The Fugitive – A New Translation

The Fugitive / Mikhail Lermontov (Translated by Benjamin Rozonoyer)


This Fugitive (aka The Deserter) was so powerful and tragic that as soon as I read it in Russian I felt compelled to render it into English in order to be able to share the experience of reading it. I have not been able to find another faithful or dynamic enough verse translation of this poem. I have made my translation completely faithful to the original meter and rhyme scheme, and extremely close to the original in meaning (matching line to line).

The poem is written in the setting of the Muslim Circassians (the Caucasus was ever a source of inspiration for Russian poets). The warlike Caucasian peoples hold sacred the law of avenging their fallen kin. This poem is about a deserter who has not avenged his dead relatives, and so becomes an outcast to his community. The poem describes the successive rejection of the fugitive by his most elemental relations, in inverse order of their importance: first by his friend, then by his love, and finally by his mother — both metaphorically and literally undoing his passage into society.

Benjamin Rozonoyer

For more on Mikhail Lermontov, read this article.

The Fugitive
A Mountain Legend

Mikhail Lermontov

Haroun fled faster than a rabbit
That sprints for safety from a hawk;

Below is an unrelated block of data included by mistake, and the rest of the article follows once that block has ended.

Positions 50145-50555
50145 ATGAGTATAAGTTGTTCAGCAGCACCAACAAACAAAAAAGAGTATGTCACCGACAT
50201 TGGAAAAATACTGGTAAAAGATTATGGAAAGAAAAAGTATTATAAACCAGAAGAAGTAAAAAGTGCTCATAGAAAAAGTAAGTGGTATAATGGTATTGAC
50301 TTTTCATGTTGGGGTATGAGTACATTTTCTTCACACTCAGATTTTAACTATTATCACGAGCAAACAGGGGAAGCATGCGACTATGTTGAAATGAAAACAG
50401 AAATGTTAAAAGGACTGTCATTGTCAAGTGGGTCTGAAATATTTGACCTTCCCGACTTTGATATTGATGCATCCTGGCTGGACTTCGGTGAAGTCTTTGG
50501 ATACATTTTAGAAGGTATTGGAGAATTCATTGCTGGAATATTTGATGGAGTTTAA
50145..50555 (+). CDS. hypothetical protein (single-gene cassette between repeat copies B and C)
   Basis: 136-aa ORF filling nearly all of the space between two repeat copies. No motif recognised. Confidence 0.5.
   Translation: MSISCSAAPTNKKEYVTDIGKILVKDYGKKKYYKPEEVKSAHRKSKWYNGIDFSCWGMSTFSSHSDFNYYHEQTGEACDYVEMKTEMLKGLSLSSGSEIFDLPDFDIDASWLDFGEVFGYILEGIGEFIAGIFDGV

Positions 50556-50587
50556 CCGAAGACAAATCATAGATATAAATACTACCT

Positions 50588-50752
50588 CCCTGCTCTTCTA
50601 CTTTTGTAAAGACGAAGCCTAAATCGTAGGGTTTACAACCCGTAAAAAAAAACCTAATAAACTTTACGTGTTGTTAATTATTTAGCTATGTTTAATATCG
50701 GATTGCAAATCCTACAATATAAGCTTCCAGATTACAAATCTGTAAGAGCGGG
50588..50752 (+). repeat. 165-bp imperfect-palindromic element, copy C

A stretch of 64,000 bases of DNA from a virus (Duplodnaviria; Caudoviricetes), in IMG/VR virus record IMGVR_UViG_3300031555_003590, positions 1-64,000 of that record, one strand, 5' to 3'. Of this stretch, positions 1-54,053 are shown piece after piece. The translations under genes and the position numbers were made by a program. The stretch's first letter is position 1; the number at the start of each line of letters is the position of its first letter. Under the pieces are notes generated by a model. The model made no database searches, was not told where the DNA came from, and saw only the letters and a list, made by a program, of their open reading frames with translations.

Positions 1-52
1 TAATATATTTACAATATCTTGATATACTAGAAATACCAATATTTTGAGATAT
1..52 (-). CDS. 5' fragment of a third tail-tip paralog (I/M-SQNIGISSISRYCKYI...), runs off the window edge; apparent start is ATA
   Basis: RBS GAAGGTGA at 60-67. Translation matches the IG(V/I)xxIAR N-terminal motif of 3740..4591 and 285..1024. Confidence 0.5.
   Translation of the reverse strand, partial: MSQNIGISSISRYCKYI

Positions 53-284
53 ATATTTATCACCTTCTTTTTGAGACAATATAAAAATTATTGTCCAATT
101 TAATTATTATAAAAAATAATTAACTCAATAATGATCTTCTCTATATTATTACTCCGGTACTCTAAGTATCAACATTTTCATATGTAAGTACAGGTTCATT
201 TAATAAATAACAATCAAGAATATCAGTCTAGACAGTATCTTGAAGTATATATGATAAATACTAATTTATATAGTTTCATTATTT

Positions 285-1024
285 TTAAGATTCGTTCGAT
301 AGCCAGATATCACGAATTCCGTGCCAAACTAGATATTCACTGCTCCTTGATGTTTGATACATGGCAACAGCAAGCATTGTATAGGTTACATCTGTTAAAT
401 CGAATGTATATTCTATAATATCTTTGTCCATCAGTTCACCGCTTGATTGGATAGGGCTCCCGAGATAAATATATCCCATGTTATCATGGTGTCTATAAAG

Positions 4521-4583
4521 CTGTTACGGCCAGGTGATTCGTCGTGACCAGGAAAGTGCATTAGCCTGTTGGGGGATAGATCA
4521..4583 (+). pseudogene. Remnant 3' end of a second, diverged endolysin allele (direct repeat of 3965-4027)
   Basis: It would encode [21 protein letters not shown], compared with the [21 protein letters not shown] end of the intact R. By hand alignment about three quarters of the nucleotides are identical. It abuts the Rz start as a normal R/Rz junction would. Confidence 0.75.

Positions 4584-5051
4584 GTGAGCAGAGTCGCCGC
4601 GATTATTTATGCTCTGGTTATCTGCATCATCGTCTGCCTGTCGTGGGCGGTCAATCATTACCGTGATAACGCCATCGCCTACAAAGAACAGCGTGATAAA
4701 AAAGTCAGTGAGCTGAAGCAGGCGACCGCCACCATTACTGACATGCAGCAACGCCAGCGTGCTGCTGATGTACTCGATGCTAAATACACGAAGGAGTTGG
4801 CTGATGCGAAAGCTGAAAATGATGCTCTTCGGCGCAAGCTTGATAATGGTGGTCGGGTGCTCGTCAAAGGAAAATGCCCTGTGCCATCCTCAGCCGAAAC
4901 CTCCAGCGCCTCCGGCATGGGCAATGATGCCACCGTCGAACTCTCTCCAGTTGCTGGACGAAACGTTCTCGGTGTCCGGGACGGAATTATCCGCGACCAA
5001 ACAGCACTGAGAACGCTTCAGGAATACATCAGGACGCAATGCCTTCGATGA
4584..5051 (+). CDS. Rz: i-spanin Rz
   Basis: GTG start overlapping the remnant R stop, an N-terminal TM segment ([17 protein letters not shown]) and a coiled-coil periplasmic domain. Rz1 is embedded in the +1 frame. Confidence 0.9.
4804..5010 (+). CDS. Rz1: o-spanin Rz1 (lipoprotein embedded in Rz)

He fled in fright the field of battle,
On which Circassian blood spilled hot;
His father and his older brothers
For faith and freedom suffered steel,
And in the dust their skulls are smothered
Beneath the adversary’s heel.
Their blood runs red and asks arighting,
Haroun forgot about his dead;
He threw aside amidst the fighting
His sword, his rifle — and has fled!

The day went down; in wreaths, the cloud
The dusky meadows didst enshroud
With its wide winding-sheet of white;
The cold night air from eastwards wafted,
And o’er the wasteland of the prophet
The golden crescent shone its light...

Emaciated, dehydrated,
Wiping away the blood and grime,
Haroun betwixt the cliffs located
His native aul1 in crescent-shine;
Still closer he snuck up, unspotted...
Around him quiescence and calm,
Unscathed from battle’s strife and slaughter
Haroun alone has made it home.

He speeds to the familiar saklya2,
There flickers light, the host is likely;
With tension he could hardly hide,
He drew a breath, and stepped inside;
Selim a friend he ere considered,
Selim did not discern his breath;
Upon his bed, his body withered, —
Alone, — he lay at point of death.Allah is great! From dark contagion
In his kindheartedness supreme
Protects you with a radiant angel!”
— “What are the tidings?” — asked Selim,
And lifted up his weakening eyelids,
And hope inside them like a fire glints!..
And he rose, and his fighter’s blood
Again before the end ran hot.Two days in the ravine we battled,
My father fell, my brothers too.
And to the desert I abandoned,
An animal run down, pursued,
My lacerated feet in anguish
From rocks and brambles strewn in sores,
Upon uncharted paths I languished
By tracks of wolves and wild boars.
The foe is here — Circassians perish.
Give me a shelter, my old friend;
And holy prophet! to the end
Your tender kindness I will cherish!..”
And spoke the dying from his bier:Depart — you’re worthy of depiction.
Nor shelter, nor a benediction
For a defector have I here!..”
Haroun, with secret shame tormented,
Bearing the blame without a word,
From the unfriendly home resented,
Across the threshold stepped unheard.

And, passing by another saklya,
He for a moment stopped his pace;
A fleeting dream from former days
With a caress poured over hotly
His cold and melancholy brow.
And he felt sweet, a gentle glow